An Argentinian gay couple were to make history today, December 1, by becoming the first Latin American same-sex couple to marry. However, late on Monday, National Judge Marta Gomez Alsina blocked the civil marriage so that the court decision allowing the same-sex union to proceed could be further examined.
Jose Maria Di Bello and Alex Freyre, two HIV positive men, wanted to get married on World Aids Day as a life affirming statement of their love for one another. They’d fought a tough legal battle for that right, having gone to a Buenos Aires court in April to overturn aspects of Argentina’s civil code that banned their marriage.
On Nov. 20 Judge Gabriela Seijas ruled that the ban violated Argentina’s constitution. The city’s authorities said that they would not appeal the decision, clearing the way for other gay couples to apply for marriage licenses if they so wished, although the case itself sets no precedent in Argentinian law outside of the capital.
In her ruling, which for the purposes of this case struck down two elements of Argentina’s civil code, Seijas said:
“The law should treat each person with equal respect in relation to each person’s singularities without the need to understand or regulate them,” adding that limiting marriage to a man and a woman contradicted the right to equal treatment under the law.
Argentina’s constitution places express importance on the idea of freedom for its citizens, as well as the right to have that freedom unhampered by government restrictions as far as is permissible in respecting the freedom of others.
In 2002, Buenos Aires became the first place in Argentina to allow civil partnerships for lesbian and gay relationships, but, as in the U.S., civil partnerships do not grant those couples all the rights that are conferred by marriage.
So what will the couple do now that it looks like their marriage is going to be stalled? Ever the activists, Jose Maria Di Bello and Alex Freyre plan on turning up to the marriage ceremony anyway, saying that, as far as they are concerned, Judge Alsina’s injunction can not halt their plans. If they are barred from getting their marriage license, they plan to lead a protest against the decision and will pursue legal action if need be.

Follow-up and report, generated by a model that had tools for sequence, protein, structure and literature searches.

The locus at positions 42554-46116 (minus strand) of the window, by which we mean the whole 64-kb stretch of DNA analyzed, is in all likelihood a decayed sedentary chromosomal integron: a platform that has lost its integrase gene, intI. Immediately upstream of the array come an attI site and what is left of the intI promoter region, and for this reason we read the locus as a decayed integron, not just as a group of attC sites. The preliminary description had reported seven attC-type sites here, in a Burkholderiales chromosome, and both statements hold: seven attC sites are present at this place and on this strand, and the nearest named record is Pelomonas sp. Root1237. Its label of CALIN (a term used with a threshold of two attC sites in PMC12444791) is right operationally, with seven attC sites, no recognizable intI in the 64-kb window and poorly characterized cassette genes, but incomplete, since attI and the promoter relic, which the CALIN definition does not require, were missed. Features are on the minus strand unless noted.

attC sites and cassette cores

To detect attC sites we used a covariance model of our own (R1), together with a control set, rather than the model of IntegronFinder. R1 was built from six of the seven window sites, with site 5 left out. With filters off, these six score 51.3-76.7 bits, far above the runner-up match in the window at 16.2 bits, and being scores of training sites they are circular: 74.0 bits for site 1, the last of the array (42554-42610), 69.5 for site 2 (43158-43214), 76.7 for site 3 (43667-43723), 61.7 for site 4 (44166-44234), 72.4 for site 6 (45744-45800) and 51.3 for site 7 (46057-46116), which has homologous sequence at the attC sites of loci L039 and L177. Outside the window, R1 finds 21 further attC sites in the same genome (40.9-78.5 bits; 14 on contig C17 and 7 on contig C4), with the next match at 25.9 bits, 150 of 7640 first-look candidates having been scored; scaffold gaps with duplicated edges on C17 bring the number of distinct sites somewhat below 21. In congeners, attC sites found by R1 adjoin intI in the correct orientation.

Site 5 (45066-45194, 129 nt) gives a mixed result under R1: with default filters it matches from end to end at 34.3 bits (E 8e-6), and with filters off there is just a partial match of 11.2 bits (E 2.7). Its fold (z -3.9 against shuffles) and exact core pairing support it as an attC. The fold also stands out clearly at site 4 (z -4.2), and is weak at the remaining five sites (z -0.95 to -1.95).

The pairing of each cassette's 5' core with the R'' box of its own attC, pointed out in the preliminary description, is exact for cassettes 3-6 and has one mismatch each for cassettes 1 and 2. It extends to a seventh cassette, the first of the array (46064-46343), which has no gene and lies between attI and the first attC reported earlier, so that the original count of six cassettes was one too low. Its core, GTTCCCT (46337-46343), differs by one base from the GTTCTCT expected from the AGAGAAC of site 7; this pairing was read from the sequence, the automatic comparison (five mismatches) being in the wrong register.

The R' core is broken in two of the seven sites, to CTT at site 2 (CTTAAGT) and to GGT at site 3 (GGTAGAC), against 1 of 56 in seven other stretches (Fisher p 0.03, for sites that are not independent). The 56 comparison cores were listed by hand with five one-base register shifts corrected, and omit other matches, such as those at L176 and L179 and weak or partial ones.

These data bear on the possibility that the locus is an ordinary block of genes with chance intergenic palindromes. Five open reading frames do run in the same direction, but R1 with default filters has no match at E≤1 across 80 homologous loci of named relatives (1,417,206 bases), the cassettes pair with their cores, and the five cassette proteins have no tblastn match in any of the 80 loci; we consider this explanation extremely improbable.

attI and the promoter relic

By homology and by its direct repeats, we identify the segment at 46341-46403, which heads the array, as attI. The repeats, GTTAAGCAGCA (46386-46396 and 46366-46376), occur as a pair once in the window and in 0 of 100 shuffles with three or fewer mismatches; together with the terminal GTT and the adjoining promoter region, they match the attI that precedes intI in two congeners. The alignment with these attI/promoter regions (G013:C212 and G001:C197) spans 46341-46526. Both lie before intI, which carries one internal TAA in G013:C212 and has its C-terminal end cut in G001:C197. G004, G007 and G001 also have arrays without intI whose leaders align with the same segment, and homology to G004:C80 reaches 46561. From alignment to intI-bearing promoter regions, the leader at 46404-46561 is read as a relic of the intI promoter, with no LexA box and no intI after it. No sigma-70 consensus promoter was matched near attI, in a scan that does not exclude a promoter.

Judge Alsina wanted to make it clear why she had called for the injunction however, writing that, “The decision I have adopted should not be interpreted as … discrimination against the rights of homosexuals.” Rather, it is to afford the court an opportunity to examine whether the judge who granted Freyre and Di Bello the right to marry actually had the authority to do so.
But could this injunction inadvertently help gay marriage to prevail throughout Argentina? It should be noted that, recently, Argentinian legislators have tabled a bill that would allow for same-sex marriage to be legalized throughout the nation by striking down opposing provisions in Argentina’s civil code.
The bill enjoys support from the majority party, but the decision has proved unpopular with the Roman Catholic Church, and has faced staunch opposition from many religious and conservative quarters. In 2007, a similar bill was proposed, but it was not advanced.
Putting Jose Maria Di Bello and Alex Freyre’s marriage case before the court focuses the Argentinian Congress on the need for marriage equality to be enshrined in law in a way that would be hard to ignore. For a country that places such emphasis on the freedom of its citizens, this may be the fire legislators need to spur them on.
It also puts gay marriage on the road to being heard by Argentina’s high courts as the Supreme Court has decided to take up the case. This is a risky affair, true, but if the Court does rule in favor of the same-sex couple’s right to marry, supporting that, under Argentina’s constitution, the freedom to marry is an inalienable right for gay couples just the same as it is for their heterosexual counterparts, this case could have much wider implications than just allowing the marriage of Jose Di Bello and Alex Freyre to proceed.
Yet, amidst talk of gay marriage, civil marriage and civil rights, Jose Di Bello reminds us of the real heart of this issue when he talks about his reasons for wanting to get married, citing the security of inheritance rights and other legal safeguards as chief concerns, but also saying:
“I see old couples walking down the street together and I want that to be us. I want to be able to turn to him when I’m old and wrinkly and call him my husband.”
In any country, and in any language, love, freedom and equality seem to sound the same.
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